What Happens When a Paris Restaurant Runs Out of Baguette

eating at a restaurant with slow service in Paris

Smiling now. It would be a good hangry hour before we ate…

I lived Paris for a year and a half after school. It’s only been a week since we moved back: How much about this place could really come as a surprise?

A lot. That was 10 years ago, back when I was a laid-back Cali college student. Before I turned 30 and became a pain-in-the ass, high-maintenance New Yorker.

I’d always appreciated the fact that French servers don’t rush you through your dinner, like so many places do in New York, where they’re trying to turn over the tables as fast as they can to squeeze out an extra buck. I don’t blame them. But it is nice to enjoy a leisurely meal without a server hovering.

Except if…

That time mostly involves hangrily waiting to eat. I don’t do well with hunger. At brunch this weekend, we at about 2pm, after running in Montmartre. I was HUNGRY. There were just six other tables…and five people working the kitchen. Shouldn’t be a problem to sit down for a quick lunch, right? One hour later…

You find out you can’t eat because…bread. By 3 pm, we had received no more on the menu than our coffees. No food. And we hadn’t seen our server in at least 30 minutes.

Turns out, she (who, I have to note, was very nice…just a little scattered) was hiding in the kitchen. We found this out when she finally emerged to serve a dish to the table next to us and we waved her over. She explained that she had not forgotten us. But the restaurant was…gasp!…out of bread!! And so they couldn’t serve us any part of our meal. At all. Instead, we had to wait until one of the cooks got back from some boulangerie, where she did not know, with baguettes. (Which is probably actually code for: He’s out back smoking. Chill you crazy American.)

You leave because you think your meal is over. But wait…it’s not! We finally did get our food at 3:15 pm (a big platter of dips and—yes—bread).

brunch at Montmartre

Nearly an hour after we finished eating, I was tired. So around 4:15pm I decided to head back to the apartment. But on my way home, I got a text from my husband: There’s more food!

We had waited for so long I just assumed that the five-course lunch we’d ordered was all on the big platter we’d finished an hour ago. But we still had our main course, a hearty egg dish, to go! Never one to leave food hanging, I beelined back to the restaurant to finish what we had started. I was glad I did: It was delish. In fact, all of the food was delish–which redeemed the service.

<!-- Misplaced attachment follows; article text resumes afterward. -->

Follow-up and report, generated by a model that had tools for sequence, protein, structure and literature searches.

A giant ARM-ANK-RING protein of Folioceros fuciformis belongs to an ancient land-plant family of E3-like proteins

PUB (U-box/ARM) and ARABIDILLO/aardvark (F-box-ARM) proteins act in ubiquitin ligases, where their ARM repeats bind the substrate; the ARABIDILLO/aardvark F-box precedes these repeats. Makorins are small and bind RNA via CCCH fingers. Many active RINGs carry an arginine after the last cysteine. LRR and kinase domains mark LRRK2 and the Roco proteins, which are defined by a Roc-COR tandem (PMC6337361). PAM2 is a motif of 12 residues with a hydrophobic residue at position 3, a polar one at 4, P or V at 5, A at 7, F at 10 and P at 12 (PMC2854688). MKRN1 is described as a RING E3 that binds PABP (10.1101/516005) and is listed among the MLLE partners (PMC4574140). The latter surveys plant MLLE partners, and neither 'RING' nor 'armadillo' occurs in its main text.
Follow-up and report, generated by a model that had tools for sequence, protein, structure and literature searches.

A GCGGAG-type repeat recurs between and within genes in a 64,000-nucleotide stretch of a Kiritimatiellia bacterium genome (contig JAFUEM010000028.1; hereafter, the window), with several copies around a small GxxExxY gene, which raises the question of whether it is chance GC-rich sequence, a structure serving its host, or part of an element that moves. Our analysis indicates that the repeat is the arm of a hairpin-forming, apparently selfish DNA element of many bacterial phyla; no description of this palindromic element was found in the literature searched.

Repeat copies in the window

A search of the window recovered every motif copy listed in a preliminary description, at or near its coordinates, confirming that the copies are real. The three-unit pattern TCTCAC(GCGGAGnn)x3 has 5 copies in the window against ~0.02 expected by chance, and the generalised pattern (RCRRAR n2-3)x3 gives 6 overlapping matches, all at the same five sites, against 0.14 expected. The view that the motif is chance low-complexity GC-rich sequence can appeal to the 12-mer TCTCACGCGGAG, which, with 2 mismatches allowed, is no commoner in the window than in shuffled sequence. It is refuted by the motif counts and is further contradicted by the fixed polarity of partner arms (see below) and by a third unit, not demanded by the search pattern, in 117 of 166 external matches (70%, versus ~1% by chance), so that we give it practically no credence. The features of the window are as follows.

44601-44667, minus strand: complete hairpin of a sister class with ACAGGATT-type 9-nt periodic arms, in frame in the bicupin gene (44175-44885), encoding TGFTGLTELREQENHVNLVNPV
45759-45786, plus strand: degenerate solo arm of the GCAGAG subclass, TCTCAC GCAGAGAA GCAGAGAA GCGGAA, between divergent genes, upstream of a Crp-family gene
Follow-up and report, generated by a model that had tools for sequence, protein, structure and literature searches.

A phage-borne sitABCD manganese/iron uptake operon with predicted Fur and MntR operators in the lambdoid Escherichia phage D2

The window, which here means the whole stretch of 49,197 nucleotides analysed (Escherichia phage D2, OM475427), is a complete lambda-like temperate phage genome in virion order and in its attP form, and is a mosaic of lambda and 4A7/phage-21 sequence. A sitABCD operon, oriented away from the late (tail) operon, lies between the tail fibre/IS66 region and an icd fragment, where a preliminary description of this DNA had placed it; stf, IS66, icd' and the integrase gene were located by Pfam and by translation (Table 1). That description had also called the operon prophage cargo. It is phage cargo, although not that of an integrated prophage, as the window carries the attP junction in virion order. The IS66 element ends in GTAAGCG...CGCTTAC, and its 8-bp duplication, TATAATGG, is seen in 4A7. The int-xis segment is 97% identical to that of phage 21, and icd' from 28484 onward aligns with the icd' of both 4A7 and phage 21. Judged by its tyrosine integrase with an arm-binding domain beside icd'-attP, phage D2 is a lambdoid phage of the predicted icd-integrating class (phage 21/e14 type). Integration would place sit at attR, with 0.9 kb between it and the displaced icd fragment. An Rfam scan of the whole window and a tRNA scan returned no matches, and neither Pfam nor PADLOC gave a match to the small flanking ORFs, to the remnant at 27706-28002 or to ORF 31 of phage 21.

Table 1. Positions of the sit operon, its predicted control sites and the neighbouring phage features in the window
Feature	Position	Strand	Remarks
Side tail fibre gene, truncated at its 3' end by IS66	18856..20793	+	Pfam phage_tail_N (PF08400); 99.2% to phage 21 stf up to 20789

egg brunch at Montmartre Paris

The waiter “doesn’t see” you. This is a favorite French tactic, which happened both other times we went out to eat last week. You try to wave the server over, and they look RIGHT AT YOU. But it’s just for a millisecond, before they’re somewhere else talking to someone else (or looking at their phone). This might happen two or three times before they acknowledge you exist.

Or…s/he simply forgets you. Even then, even when you’ve finally gotten your server’s attention and they wave to say they’ll be there in a sec, they don’t come over. So…back to the I-don’t-see-you game.

Water comes only after dessert. Sometimes you do get your food promptly—but then you don’t have anything to wash it down. Even when you’ve asked for water three times. By the time it comes…you’ve already finished your last dish.

To be fair, it’s not like this in all restaurants. We went to a couple with excellent service and delicious food.

We started discussing, while we were waiting to eat…what could make French service better? Electronic menus! Just think: If you could order on an Ipad, waiters would have more time to serve. But then…all of the waiters would totally go on strike because their work was being outsourced to technology. And how could French waiters pass up an opportunity for a good #greve?? Then when they’re on strike…no one eats.

Le sigh. For now, I’ll just remember to bring my own baguette to the restaurant next time.

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